It’s a bad day in 11th grade. It’s a sad day in 11th grade.
There isn’t a particular reason behind the sadness and the badness, other than the fact that school always feels like I’m wearing an ill-fitted dress on a day full of photographs.
This day feels particularly wrong. Like not only am I wearing an ill-fitted dress on a day full of photographs but the fabric of the dress happens to be itchy wool and I can feel rashes actively coming to life on my skin. And I want so badly to claw at the rashes with my nails, but I can’t because they’re popping up all over the naked skin of my stomach and I’d have to reach up my dress in order to have my way with them, and that’s just not something you can do in public. So you resort to suffering silently in acute discomfort.
I think of that commercial for yeast infection relief cream. “That itch you can’t scratch.”
I begrudgingly open the door of my older sister’s convertible. I longingly watch her speed off into the real world. I slowly march up to the entrance, push through the school’s front doors which are so heavy it’s like they’re made of iron, and deposit myself into the fluorescent hallway. I feel that familiar wash of sickness.
I can’t shake the sick feeling. I never can at school. Not because I’m not popular. I am. In my own way. I guess.
I feel sick because something about the academic environment knocks me out of alignment. But terms like “out of alignment” are not part of my vocabulary yet. I have yet to go to a yoga class or read the works of Abraham Hicks, so I have no tools in my repertoire to make sense of these negative, visceral emotions.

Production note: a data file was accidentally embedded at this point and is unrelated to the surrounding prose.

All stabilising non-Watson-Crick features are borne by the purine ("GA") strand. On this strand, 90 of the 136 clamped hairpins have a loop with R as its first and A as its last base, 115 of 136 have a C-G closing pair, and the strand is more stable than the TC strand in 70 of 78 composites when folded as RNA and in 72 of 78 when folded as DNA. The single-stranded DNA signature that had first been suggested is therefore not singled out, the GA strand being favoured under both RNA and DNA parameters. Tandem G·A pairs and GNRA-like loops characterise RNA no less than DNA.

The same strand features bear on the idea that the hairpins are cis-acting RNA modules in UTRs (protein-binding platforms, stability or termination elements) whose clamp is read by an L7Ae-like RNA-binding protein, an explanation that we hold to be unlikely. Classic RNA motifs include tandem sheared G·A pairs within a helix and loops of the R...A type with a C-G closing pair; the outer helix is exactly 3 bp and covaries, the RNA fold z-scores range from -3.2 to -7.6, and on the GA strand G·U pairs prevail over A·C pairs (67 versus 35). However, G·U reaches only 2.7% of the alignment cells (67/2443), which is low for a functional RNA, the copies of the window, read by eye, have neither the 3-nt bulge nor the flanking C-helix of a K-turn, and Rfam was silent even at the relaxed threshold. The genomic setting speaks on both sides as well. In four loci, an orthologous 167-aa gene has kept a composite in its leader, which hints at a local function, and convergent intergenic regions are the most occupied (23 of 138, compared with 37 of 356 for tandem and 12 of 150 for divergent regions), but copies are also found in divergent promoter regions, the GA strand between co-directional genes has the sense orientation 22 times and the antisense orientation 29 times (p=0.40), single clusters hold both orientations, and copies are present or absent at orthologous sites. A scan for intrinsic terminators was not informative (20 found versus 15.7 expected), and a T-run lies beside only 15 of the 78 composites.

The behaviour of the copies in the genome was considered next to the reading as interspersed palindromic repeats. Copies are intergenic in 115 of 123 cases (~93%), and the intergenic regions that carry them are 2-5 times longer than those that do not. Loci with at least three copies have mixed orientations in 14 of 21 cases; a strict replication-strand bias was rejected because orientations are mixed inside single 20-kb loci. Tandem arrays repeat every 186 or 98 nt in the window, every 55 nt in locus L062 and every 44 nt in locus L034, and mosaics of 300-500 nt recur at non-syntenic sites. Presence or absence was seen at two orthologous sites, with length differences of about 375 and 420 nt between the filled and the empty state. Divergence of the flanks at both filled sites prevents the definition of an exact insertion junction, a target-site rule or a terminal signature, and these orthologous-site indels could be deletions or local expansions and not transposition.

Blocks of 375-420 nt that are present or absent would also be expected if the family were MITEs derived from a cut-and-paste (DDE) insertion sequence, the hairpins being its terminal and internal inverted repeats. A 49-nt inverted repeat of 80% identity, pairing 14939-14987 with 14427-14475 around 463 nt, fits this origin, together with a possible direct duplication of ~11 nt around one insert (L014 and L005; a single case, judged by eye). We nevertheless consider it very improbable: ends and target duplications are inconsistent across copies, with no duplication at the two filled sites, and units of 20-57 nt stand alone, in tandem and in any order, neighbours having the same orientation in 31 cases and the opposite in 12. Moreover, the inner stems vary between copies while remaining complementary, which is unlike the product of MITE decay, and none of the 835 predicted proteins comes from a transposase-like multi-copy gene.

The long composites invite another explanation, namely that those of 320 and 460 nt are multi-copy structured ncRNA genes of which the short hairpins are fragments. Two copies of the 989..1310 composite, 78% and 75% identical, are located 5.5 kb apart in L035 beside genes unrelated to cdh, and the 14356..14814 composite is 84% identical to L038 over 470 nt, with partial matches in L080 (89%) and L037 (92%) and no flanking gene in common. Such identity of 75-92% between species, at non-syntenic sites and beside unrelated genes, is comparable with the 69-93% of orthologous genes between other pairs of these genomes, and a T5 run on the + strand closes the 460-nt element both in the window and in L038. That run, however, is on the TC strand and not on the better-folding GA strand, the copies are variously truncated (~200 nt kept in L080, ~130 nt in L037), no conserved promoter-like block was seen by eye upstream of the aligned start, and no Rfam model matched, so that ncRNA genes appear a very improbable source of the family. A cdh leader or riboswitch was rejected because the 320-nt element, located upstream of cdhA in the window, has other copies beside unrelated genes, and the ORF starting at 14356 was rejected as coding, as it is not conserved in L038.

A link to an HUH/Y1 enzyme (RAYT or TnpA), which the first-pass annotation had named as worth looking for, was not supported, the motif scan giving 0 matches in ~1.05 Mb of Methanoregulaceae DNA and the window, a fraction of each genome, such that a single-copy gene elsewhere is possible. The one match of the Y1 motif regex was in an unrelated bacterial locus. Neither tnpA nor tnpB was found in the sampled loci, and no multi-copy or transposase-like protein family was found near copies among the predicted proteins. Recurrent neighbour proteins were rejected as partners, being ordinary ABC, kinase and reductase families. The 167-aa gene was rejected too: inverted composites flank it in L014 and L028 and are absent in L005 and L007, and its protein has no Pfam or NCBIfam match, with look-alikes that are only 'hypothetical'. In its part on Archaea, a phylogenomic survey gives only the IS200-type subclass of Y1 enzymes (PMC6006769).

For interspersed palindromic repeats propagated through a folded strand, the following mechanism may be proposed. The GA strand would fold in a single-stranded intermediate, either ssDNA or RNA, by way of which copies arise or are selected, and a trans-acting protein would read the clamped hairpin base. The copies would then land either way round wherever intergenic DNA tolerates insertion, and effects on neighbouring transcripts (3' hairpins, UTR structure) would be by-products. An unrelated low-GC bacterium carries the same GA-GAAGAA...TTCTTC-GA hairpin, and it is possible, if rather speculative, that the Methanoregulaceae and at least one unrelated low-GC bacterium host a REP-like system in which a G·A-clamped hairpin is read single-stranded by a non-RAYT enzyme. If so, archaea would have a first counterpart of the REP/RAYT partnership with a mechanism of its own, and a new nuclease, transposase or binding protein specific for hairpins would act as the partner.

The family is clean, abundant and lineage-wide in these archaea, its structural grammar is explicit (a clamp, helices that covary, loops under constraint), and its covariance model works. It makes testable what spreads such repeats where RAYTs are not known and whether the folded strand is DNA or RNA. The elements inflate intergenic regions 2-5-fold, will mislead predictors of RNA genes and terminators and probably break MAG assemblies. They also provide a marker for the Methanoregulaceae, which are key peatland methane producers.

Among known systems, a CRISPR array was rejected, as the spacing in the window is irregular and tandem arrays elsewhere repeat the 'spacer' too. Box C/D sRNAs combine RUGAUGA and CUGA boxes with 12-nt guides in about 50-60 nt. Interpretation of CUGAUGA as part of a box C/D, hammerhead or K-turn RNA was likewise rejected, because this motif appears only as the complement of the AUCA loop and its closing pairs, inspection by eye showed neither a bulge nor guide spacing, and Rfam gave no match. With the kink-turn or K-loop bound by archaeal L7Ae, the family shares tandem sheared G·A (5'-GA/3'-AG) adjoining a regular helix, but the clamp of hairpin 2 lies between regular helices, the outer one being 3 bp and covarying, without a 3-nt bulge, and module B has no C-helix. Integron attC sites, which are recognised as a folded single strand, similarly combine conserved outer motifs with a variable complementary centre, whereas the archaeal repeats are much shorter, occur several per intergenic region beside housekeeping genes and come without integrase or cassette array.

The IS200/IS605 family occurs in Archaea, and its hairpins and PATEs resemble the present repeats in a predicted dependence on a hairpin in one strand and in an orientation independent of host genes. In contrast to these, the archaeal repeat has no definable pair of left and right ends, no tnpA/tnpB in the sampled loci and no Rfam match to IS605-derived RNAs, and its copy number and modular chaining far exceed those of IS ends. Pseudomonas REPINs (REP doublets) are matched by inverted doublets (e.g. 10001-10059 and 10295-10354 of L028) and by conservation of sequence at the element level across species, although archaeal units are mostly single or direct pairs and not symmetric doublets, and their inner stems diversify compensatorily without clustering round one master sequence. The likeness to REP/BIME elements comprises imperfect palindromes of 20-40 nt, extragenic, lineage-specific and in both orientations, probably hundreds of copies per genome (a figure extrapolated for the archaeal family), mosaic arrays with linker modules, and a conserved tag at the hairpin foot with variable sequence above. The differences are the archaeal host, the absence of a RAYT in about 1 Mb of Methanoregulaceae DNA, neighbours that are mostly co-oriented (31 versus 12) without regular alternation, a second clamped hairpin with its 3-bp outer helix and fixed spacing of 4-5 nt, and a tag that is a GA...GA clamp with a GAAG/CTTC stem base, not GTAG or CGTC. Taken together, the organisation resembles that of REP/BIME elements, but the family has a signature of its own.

I feel especially bad in Chemistry.
Homesick almost. Not for my parents. For myself. I feel dumb in chemistry, and I know that I’m not dumb, and the disconnect between feeling something and knowing something is a very lonely place to live.
My friend Luke, a pot-smoking, hoodie-wearing boy I once kissed at a party, slips me a note. “Want an Adderall?“
I look at the note a few times.
Even though I wear black tights and high heels to school; even though good girls find me intimidating and bad boys want to date me, even though I am best friends with Sasha Levine who had been rolling on ecstasy since she was in the seventh grade, even though I am really talented at the art of winging my liquid eyeliner and shooting sultry, dismissive glares at boys across classrooms; I am afraid of drugs. Hard drugs.
Is Adderall a hard drug? I wonder. Well, it’s prescribed legally by a doctor. But aren’t so many doctors money-driven and corrupt? It’s sort of scary to put something in your body that’s made in a lab, right? Mushrooms, pot — they are derived from the earth, at least. But how can you trust something man-made when men have proven to be so untrustworthy?
“Yes.” I write. I slide the note back to Luke.